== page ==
New Local Plan: Spatial Options Document 2021

Ended on the 22nd September 2021
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Strategy Options

Hierarchy of Settlements

In developing options for the strategy of the plan, it is considered helpful to categorise settlements in a hierarchy in a way that reflects their relative role and contribution to Rochford as a district. Our settlement hierarchy needs to reflect a range of different factors, including population, geographical size, availability and range of services and transport accessibility.

We commissioned a Settlement Role and Hierarchy Study (2021) to consider the individual roles of different settlements in Rochford and how best to categorise these for the purposes of planning. Our recommended settlement hierarchy is presented at Figure 14.

  • Tier 1 comprises our largest town of Rayleigh. Rayleigh has a significantly larger population (34,000 people) than any other settlement in Rochford, and contains by far the widest range of local and regional services, including two secondary schools, a large town centre, and a generous range of retail, employment and community facilities.
     
  • Tier 2 comprises our larger settlements of Hockley (including Hawkwell) and Rochford (including Ashingdon). These settlements have populations in the range of 10,000 – 25,000 people and contain a good range of local services, including a secondary school, modest-sized town centres, and a good range of retail, employment and community facilities.
     
  • Tier 3 comprises our larger villages of Canewdon, Great Wakering (including Little Wakering and Barling) and Hullbridge. These settlements all have populations in the range of 1,000 – 10,000 people and contain a modest range of local services, including single primary schools, small village centres and a modest range of retail, employment and community facilities. Whilst Canewdon is somewhat smaller than either Great Wakering or Hullbridge, it has a good range of facilities for a settlement of its size and benefits from a good degree of self-containment.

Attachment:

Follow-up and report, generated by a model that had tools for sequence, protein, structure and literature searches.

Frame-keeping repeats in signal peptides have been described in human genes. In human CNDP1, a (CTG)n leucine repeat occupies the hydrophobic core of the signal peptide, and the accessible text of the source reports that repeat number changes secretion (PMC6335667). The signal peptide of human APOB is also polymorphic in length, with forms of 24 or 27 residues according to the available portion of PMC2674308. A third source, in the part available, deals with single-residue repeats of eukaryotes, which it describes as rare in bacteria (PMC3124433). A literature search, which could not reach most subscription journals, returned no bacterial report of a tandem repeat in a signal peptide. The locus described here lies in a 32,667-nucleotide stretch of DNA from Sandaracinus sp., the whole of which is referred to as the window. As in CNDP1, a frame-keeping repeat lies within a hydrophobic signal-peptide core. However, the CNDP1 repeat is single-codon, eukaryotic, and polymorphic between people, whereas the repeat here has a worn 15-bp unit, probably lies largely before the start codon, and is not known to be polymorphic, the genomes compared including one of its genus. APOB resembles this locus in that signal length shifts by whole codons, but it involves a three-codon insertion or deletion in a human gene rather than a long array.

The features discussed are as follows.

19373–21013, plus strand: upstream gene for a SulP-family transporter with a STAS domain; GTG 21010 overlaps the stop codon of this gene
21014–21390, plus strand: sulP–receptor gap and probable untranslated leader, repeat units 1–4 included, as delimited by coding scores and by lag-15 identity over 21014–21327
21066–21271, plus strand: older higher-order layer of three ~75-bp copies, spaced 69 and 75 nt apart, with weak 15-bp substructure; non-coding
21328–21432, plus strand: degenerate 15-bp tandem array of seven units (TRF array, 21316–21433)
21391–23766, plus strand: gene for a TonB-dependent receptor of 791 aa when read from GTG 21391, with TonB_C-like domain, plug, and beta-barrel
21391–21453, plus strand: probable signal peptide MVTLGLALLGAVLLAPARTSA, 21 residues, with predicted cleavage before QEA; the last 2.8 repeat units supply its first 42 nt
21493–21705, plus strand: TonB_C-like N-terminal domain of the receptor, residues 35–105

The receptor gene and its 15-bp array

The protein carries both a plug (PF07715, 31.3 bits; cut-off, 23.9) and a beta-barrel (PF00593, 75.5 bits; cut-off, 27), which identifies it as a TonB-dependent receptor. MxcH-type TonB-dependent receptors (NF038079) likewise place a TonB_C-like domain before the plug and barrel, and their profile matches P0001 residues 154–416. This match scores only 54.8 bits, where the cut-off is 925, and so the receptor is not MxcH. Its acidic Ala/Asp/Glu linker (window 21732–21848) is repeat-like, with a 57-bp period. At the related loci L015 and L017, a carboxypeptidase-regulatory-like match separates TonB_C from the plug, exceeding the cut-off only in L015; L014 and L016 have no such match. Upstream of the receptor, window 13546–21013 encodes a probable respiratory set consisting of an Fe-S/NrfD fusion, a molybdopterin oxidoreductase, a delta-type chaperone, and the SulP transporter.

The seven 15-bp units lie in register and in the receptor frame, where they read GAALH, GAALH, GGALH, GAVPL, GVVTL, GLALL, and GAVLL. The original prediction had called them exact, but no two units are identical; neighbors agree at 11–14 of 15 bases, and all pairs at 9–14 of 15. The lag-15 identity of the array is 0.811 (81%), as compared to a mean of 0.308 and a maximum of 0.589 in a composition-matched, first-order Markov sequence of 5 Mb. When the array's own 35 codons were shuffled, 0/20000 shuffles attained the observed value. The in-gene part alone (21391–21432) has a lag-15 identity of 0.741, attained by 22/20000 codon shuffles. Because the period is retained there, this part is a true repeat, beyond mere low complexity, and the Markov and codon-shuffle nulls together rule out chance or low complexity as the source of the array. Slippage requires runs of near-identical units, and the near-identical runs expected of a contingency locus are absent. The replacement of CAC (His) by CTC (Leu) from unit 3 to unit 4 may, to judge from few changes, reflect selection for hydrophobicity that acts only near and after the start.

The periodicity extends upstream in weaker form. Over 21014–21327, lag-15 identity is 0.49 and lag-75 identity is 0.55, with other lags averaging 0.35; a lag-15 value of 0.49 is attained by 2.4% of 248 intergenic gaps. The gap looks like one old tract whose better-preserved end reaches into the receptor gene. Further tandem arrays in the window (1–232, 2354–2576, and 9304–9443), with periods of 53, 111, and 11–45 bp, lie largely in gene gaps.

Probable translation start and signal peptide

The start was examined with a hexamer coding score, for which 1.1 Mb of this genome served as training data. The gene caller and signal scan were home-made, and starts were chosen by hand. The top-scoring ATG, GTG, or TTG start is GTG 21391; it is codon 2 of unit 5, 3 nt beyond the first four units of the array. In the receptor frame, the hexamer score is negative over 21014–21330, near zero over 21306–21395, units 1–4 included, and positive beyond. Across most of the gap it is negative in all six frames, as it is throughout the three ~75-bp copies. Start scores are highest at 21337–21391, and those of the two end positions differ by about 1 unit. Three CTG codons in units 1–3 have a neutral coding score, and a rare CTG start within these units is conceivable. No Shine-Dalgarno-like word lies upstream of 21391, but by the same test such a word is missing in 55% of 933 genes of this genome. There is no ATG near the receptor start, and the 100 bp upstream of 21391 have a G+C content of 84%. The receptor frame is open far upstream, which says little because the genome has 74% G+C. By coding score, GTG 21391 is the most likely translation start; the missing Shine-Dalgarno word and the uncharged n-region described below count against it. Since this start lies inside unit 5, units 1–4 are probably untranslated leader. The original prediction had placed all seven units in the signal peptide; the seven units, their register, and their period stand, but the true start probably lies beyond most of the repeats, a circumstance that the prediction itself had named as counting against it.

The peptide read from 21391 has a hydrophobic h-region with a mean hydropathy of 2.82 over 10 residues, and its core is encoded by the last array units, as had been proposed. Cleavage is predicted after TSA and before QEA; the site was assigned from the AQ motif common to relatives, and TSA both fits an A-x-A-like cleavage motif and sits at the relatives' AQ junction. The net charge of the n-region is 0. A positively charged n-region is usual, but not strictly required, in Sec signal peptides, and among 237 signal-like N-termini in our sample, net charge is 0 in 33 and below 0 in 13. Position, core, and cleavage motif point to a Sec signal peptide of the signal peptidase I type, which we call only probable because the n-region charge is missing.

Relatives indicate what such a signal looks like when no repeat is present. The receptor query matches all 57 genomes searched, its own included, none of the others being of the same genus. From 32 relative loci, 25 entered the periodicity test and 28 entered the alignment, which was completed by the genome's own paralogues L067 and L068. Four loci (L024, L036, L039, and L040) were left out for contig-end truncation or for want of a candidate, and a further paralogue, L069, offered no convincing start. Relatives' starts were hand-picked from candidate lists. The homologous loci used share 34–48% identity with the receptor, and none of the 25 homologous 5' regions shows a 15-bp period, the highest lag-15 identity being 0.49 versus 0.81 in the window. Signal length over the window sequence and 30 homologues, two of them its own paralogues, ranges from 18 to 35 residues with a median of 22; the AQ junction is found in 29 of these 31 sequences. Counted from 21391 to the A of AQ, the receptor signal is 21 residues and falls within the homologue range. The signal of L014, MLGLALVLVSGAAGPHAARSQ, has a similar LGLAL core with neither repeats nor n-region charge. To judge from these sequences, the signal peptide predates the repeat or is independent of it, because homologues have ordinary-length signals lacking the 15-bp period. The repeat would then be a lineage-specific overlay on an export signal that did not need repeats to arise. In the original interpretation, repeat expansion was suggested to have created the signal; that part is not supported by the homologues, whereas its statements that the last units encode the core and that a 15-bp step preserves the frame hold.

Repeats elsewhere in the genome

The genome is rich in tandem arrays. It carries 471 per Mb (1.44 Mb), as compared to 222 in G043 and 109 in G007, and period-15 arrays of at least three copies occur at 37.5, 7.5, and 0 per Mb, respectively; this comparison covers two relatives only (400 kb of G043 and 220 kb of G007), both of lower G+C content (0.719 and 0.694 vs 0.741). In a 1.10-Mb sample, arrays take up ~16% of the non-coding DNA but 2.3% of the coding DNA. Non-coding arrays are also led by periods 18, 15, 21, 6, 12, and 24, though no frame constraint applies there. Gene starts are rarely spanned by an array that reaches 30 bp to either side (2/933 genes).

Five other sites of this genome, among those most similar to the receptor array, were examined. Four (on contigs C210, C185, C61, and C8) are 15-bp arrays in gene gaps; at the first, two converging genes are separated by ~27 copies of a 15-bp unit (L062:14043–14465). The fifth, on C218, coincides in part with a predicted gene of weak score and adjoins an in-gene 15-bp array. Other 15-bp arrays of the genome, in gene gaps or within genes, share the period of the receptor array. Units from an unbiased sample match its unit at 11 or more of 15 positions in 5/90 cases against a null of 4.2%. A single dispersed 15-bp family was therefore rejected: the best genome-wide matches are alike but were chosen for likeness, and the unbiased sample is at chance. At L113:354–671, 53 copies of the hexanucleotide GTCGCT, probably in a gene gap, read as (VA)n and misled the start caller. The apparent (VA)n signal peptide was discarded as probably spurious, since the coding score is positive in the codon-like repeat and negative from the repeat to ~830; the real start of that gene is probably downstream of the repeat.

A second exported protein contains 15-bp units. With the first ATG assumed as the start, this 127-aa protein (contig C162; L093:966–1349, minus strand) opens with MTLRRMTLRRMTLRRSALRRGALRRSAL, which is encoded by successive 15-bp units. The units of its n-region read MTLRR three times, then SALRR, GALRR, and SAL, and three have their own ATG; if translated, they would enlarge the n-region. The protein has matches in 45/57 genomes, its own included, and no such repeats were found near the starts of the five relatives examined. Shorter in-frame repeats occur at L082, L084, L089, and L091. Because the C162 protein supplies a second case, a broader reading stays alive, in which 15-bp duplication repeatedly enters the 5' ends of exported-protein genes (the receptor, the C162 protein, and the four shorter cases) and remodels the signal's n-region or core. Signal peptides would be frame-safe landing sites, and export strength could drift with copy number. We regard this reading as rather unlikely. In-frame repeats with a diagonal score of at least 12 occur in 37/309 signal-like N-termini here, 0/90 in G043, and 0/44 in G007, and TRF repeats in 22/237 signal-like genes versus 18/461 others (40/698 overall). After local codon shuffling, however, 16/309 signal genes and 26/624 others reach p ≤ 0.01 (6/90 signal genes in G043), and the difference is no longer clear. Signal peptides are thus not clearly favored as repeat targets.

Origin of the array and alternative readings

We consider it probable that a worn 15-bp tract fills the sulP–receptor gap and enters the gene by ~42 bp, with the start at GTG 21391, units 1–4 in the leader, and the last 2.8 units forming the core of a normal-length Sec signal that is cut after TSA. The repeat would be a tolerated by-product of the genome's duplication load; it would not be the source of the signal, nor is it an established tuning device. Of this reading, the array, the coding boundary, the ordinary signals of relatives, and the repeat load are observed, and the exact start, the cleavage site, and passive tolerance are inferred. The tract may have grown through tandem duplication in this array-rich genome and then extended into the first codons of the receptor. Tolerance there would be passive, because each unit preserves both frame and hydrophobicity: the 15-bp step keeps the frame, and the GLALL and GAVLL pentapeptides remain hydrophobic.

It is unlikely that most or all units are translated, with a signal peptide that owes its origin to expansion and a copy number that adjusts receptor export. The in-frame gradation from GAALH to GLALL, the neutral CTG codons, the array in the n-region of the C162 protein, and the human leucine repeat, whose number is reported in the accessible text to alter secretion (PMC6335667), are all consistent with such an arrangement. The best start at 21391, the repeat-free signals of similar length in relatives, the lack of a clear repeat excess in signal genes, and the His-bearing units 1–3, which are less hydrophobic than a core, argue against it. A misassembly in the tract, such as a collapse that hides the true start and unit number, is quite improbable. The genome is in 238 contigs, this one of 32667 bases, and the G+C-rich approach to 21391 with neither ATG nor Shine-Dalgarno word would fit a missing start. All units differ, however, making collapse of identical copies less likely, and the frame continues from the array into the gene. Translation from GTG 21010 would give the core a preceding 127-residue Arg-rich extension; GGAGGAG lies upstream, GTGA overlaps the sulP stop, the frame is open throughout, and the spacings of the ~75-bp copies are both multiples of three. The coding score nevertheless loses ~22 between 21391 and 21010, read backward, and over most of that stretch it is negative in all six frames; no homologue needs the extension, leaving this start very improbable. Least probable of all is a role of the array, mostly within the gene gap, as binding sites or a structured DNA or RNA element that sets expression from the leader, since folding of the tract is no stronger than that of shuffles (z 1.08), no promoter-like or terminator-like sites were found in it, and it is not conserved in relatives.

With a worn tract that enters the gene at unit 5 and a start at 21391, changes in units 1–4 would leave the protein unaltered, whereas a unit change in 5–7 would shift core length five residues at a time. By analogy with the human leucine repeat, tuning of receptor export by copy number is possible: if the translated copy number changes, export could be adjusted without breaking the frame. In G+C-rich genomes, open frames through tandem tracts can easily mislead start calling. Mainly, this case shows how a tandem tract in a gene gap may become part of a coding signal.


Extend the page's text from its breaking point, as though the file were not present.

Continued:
• Tier 4 comprises our remaining villages, including Great Stambridge, Paglesham, Rawreth, Sutton, Stonebridge and South Fambridge. These settlements all have populations smaller than 1,000 people, often considerably smaller, and typically lack most day-to-day facilities

Beyond our borders, our residents and businesses have an important relationship with Southend, Basildon, Chelmsford and London, particularly for employing and accessing regional facilities (such as hospitals, major attractions and comparison retail). These settlements are all larger than any town in Rochford and contain a much greater range of facilities. In a wider context, these settlements are likely to be equivalent to a 'Tier 0'. Other nearby towns which provide some services to Rochford residents include Wickford, which is similar in size and role to Rayleigh, and South Woodham Ferrers and Thundersley/Hadleigh, which are similar in size and role to Hockley or Rochford. Whilst these settlements are not within Rochford, and have their own growth needs, understanding the role and function of these settlements across boundaries is useful for considering the impacts of our strategy on a wider geography and vice versa.


Figure 14: Proposed Settlement Hierarchy; Tier 1: Rayleigh, Tier 2: Hockley and Rochford, Tier 3: Canewdon, Great Wakering and Hullbridge, Tier 4: Other Villages

(55) Q5. Do you agree with the settlement hierarchy presented? If not, what changes do you think are required? [Please state reasoning]


Growth Scenarios

Important Notice: a range of growth scenarios have been presented in this section, the Council is not suggesting that these are equally sustainable and/or  desirable.


By 2040, Rochford needs to grow to ensure that the needs of existing and future communities can be met within our area. Failing to grow is likely to mean younger residents being forced to leave the District to find an affordable home and the District becoming less economically competitive as central government and businesses choose to invest elsewhere.
 

To meet our growth needs over the next 20 years, we are likely to need to plan for:

  • 7,200 – 10,800 new homes of different types, sizes and tenures
  • 7 – 40 hectares of new employment space of different types
  • Up to 20,000 square metres of new retail space
  • Transformational improvements to local road and sustainable transport networks, including long-term solutions for the A130 and A127, and working with partners to deliver an inter-urban rapid transit solution for South Essex and significant capacity improvements to existing bus and rail